The raw truth is that the Covid-19 pandemic will have an inevitable and negative impact on the Gross Domestic Product (GDP) of every nation across the globe. While a rising tide lifts all boats, a falling tide exposes all vulnerabilities, and while there may be no completely safe harbour from the economic downturn, we can weather the storm and prepare for the next high tide.

Although it has enjoyed consistent growth, for some time the semiconductor industry has been anticipating a period of exceptional growth, where the rate would reach double figures. This ‘double-digit’ compound annual growth rate (CAGR) is not unprecedented and is highly dependent on technological megatrends. In the past this has been provided by the so-called boom and, after that, the emergence of the mobile (and now smart) phone. The convergence of 5G and AI is expected to provide the perfect storm for the next period of double-digit CAGR and although it may have been delayed by the pandemic, it is still firmly on the horizon.

The decline in GDP has an impact on our propensity to consume, so it isn’t surprising that the consumer industry will be the first sector to feel the effects. A recent study published by McKinsey & Company, titled “Coronavirus: Implications for the semiconductor industry” provides valuable insights into how and why the industry will decline by between 5% and 15% but see growth towards the end of 2020. This relatively short period of negative growth can be negated quickly once the wheels of commerce get back to full speed.

Most of the decline can be attributed to deferred consumption, where planned expenditure is put on hold. This will be most apparent in parts of the economy that rely on demand for investment, such as the PC and Server sector. However, recovery may be faster here due to the ‘new normal’ of online meetings, along with our increased appetite for streaming video entertainment.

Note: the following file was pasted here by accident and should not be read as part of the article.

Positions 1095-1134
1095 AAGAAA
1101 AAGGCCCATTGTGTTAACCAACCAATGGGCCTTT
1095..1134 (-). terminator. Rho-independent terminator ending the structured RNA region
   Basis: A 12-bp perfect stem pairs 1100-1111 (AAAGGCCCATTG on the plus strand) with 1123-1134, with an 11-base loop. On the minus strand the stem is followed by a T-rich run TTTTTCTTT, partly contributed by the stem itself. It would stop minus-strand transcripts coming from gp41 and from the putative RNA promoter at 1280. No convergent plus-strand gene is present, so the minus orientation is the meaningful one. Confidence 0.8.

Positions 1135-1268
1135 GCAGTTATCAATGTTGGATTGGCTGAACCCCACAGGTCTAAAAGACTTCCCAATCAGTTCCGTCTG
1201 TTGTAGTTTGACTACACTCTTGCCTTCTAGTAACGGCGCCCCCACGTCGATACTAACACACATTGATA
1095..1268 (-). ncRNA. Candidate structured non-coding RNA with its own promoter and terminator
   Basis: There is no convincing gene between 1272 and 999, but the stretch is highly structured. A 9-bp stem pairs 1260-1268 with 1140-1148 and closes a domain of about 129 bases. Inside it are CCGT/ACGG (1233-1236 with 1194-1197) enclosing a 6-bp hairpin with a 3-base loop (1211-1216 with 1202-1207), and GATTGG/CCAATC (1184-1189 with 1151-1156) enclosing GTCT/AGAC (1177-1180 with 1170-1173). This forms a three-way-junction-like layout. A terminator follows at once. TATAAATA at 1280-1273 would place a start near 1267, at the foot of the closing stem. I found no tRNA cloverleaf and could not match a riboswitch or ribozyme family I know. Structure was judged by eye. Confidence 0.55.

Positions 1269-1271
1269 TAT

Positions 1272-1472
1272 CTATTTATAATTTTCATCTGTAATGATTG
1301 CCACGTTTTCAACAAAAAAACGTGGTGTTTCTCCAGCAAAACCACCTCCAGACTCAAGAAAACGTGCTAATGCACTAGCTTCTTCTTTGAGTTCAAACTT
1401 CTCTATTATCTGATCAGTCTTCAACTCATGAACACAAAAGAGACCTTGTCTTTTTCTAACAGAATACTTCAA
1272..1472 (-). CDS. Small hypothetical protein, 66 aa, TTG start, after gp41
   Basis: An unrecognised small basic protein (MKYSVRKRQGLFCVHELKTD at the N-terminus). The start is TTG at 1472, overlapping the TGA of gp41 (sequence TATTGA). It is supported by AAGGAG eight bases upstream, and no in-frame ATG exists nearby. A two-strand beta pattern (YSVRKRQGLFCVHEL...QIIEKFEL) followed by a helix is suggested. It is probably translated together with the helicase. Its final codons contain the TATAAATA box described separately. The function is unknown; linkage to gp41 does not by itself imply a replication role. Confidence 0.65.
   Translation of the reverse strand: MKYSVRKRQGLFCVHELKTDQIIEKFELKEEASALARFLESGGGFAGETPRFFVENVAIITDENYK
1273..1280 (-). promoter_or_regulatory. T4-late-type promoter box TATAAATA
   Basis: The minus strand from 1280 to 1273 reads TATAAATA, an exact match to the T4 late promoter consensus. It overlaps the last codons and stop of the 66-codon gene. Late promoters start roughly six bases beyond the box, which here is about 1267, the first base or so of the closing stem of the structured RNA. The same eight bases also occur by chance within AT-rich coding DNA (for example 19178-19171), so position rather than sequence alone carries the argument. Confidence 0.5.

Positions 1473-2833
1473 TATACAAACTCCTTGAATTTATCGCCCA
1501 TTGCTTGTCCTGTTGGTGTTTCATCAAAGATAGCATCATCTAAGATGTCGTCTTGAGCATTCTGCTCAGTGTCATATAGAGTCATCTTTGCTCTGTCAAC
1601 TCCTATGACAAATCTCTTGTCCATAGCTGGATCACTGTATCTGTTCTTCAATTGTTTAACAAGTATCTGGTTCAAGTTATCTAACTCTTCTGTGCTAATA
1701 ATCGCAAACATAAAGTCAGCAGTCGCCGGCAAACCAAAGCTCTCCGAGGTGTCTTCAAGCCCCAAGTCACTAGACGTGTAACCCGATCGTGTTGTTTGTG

Areas where GDP is closely related to sales, such as mobile phones, will see more dramatic falls in demand, which will be felt by vendors of semiconductor devices designed for wireless communications. However, the study expects the sales of semiconductors for wired communications to increase, driven in part by the infrastructural changes required to support more home-based workers. The increase in fixed broadband usage will reach 50% in some countries and coincident with that will be the increased utilisation of the broadband backhaul, generating demand for more routers and switches. Other major sectors that will see short term reduction in demand include automotive, as the sale of new cars drops, and large parts of the industrial sector. Although demand for medical equipment is high right now the report expects to see falls across the market as a whole.

Semiconductor manufacturers can feel assured that demand will return, but there are steps they can take to ensure they will be here to see it. They can adjust their own forecasts based on the rise or fall in demand they expect to see for their own products in the markets and end applications where they are most active. They can also use this time to explore new end applications where they are not currently strong, and this is an area where Publitek can definitely help. Demand will come from old areas, but we can also expect to see new applications that simply were not visible before the pandemic. Consider, for example, the way new working practices will change society, and how technology will enable that. As we come to accept the new norm it will impose change upon all players, and some will be unable to react quickly.

Communication has been crucial throughout the pandemic, sharing information about how the virus is transmitted, what we can do to prevent that and what we should do to keep the reproduction rate down. Communication in a business landscape is equally critical, the silence that surrounds a crisis can be deafening.

If you would like to read the McKinsey & Company report, you can find it here.

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